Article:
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Tuesday, 5 June 2018

The boys are back in town

Tropical storm Alberto has passed us by and the persistent rain and winds have abated leaving a calm and serene landscape to go diving in. No need to ask twice! And away we go. 

A very mild Northerly current and pretty decent vis combined to make an enjoyable dive this morning. Spot and Brutus made a late arrival to the scene but I couldn't blame them as it's been a while since they last saw us. 

The three amigos. Brutus was just out of frame on this one.
 Still getting a handle on the new strobes but it's getting there. Output and coverage are different compared to the Z240's so getting to know what I can and can't do with them is taking a little time......

A quick stop at Amphitrite followed by a couple of laps around the Nicholson for good measure was our starter for ten, followed by a leisurely bimble over to the main wall. A good few turtles and eagle rays cruising around but too far off in the distance to bother trying to get a shot of. 

 The scenery on the main wall proved to be as colourful and vibrant as I remember is to be with ample opportunity to set up a couple of test shots.

 There was a huge amount of flamingo tongue cowries out today and a large percentage of them were happily romping over the sand and generally having fun.

We also had a smattering of blennies, barber and pederson shrimps hidden away among  hard corals in the shallows like hidden little treasures just waiting to be discovered.

And there's also been quite a lot of squid activity recently as well with squadrons of squid buzzing divers with their synchronised low flying antics which is always amusing to watch, much less photograph.

Thursday, 10 May 2018

Coming back to life

It's a been a long time. In between visits to home, family, etc the main thing I've been waiting on are my new strobes from Inon. And finally they have arrived. It's only taken 6 months for them to get their fingers out and get them shipped. 

Full shake down test will be happening this Sunday. And there's more articles popping up in Diver magazine in the next few months. Watch this space.


Thursday, 22 March 2018

The fish aren't biting today

Something you've always wanted to see but didn't know it. Angler fish mating.

Link: HERE

Scientists had never actually seen these creatures mate in the wild, but sadly, that’s no longer case. As Katie Langin reports in Science Magazine, this unprecedented footage was captured by wildlife filmmakers Kirsten and Joachim Jakobsen, a wife and husband team who were exploring an area near the Azores on behalf of the Rebikoff-Niggeler Foundation when they came across the sexy scene.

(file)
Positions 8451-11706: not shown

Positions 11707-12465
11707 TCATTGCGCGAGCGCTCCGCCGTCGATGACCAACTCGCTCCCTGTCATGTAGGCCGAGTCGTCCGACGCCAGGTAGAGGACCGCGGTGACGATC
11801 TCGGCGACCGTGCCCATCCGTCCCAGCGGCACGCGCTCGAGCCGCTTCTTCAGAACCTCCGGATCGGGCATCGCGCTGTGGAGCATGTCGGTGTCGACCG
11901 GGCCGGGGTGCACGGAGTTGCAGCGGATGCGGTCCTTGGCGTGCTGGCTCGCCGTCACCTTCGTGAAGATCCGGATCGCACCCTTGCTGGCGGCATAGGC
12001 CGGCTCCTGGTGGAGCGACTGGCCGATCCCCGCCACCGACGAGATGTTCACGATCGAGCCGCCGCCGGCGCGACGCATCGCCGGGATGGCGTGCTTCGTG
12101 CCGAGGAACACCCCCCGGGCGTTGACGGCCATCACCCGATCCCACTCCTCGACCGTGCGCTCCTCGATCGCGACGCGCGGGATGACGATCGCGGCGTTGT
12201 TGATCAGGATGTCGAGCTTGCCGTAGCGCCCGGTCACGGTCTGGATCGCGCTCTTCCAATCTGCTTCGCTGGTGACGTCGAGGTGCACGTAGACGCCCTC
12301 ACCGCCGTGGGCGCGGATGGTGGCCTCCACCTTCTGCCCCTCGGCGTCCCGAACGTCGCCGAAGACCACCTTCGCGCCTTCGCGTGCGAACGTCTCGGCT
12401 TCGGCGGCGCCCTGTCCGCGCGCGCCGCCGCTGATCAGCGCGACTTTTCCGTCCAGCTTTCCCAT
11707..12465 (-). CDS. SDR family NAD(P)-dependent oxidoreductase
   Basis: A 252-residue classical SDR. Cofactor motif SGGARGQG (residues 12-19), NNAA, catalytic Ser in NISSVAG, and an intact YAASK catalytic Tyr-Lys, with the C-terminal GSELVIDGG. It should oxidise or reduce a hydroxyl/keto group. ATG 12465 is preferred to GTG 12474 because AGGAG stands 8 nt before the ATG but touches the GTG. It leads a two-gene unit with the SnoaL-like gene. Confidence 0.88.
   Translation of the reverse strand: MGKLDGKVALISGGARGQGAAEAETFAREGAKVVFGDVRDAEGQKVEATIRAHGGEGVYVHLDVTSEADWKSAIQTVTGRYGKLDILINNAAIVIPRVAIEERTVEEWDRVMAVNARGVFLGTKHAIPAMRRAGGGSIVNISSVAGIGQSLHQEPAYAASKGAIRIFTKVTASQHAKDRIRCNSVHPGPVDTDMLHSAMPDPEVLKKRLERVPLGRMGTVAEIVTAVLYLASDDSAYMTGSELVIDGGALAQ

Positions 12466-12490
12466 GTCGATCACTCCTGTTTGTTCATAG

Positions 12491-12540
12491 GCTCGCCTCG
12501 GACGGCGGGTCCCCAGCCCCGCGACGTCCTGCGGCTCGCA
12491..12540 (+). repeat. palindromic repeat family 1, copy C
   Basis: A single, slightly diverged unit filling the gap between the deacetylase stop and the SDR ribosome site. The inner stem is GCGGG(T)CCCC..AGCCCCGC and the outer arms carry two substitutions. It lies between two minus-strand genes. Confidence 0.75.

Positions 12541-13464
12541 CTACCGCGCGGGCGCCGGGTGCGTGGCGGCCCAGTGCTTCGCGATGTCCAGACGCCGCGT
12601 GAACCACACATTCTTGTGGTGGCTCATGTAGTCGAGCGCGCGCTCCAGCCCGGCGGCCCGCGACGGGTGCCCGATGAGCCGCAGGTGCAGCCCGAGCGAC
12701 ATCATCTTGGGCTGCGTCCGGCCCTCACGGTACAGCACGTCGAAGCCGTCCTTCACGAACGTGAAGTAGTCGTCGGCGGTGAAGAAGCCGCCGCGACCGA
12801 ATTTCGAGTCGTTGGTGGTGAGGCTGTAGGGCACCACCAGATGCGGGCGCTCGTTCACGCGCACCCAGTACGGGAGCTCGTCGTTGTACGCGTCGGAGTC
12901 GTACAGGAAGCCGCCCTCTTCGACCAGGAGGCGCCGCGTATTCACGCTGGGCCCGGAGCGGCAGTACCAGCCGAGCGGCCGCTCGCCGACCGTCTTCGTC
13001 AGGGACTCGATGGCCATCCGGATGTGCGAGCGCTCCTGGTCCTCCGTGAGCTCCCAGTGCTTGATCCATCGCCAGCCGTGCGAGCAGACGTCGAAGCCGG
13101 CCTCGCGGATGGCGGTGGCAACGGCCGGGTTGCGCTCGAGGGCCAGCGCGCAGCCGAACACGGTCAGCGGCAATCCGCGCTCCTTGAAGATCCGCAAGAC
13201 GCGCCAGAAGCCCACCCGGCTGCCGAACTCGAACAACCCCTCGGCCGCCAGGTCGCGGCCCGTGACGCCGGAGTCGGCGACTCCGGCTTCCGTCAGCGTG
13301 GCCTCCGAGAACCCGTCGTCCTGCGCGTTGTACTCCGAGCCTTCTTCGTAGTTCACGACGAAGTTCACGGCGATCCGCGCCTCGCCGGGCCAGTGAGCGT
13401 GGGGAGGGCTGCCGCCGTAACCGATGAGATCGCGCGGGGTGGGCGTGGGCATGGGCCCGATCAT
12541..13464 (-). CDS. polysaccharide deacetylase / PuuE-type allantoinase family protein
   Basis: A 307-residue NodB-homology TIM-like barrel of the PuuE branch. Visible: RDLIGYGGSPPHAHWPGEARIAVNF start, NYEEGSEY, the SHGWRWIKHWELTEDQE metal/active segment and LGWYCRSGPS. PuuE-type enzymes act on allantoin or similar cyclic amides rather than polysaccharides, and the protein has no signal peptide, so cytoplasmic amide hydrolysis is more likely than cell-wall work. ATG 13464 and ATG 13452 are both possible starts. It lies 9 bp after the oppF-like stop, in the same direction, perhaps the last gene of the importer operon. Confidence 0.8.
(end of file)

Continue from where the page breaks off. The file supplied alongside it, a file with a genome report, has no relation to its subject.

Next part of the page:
“I’ve been studying these [animals] for most of my life and I’ve never seen anything like it,” says Ted Pietsch, a deep-sea fish researcher at the University of Washington in Seattle.
Most of what we know about deep-sea anglerfish comes from dead animals pulled up in nets. Scientists have identified more than 160 species, but only a handful of videos exist—and this is the first to show a sexually united pair. “So you can see how rare and important this discovery is,” Pietsch says. “It was really a shocker for me.”

Tuesday, 6 March 2018

Midnight at the lost and found

Another sunken treasure decides to reveal itself to world again after nearly 76 years in hiding. There's so much more of the ocean to explore, preserve and conserve for future generations.

Link: HERE

"The USS Lexington, a US aircraft carrier lost during the 1942 Battle of the Coral Sea, has been discovered by a team of civilian researchers off the north-east coast of Australia.
The Lexington was discovered on Sunday, March 4, by Vulcan Inc., a company chaired by Microsoft co-founder Paul Allen. A search team aboard the Research Vessel (R/V) Petrel found the ship—one of the United States’ first aircraft carriers—about 500 miles (800 km) from the Australian east coast, and at a depth of two miles (3 km). The ship went down in May 1942 after a four-day battle against three Japanese aircraft carriers."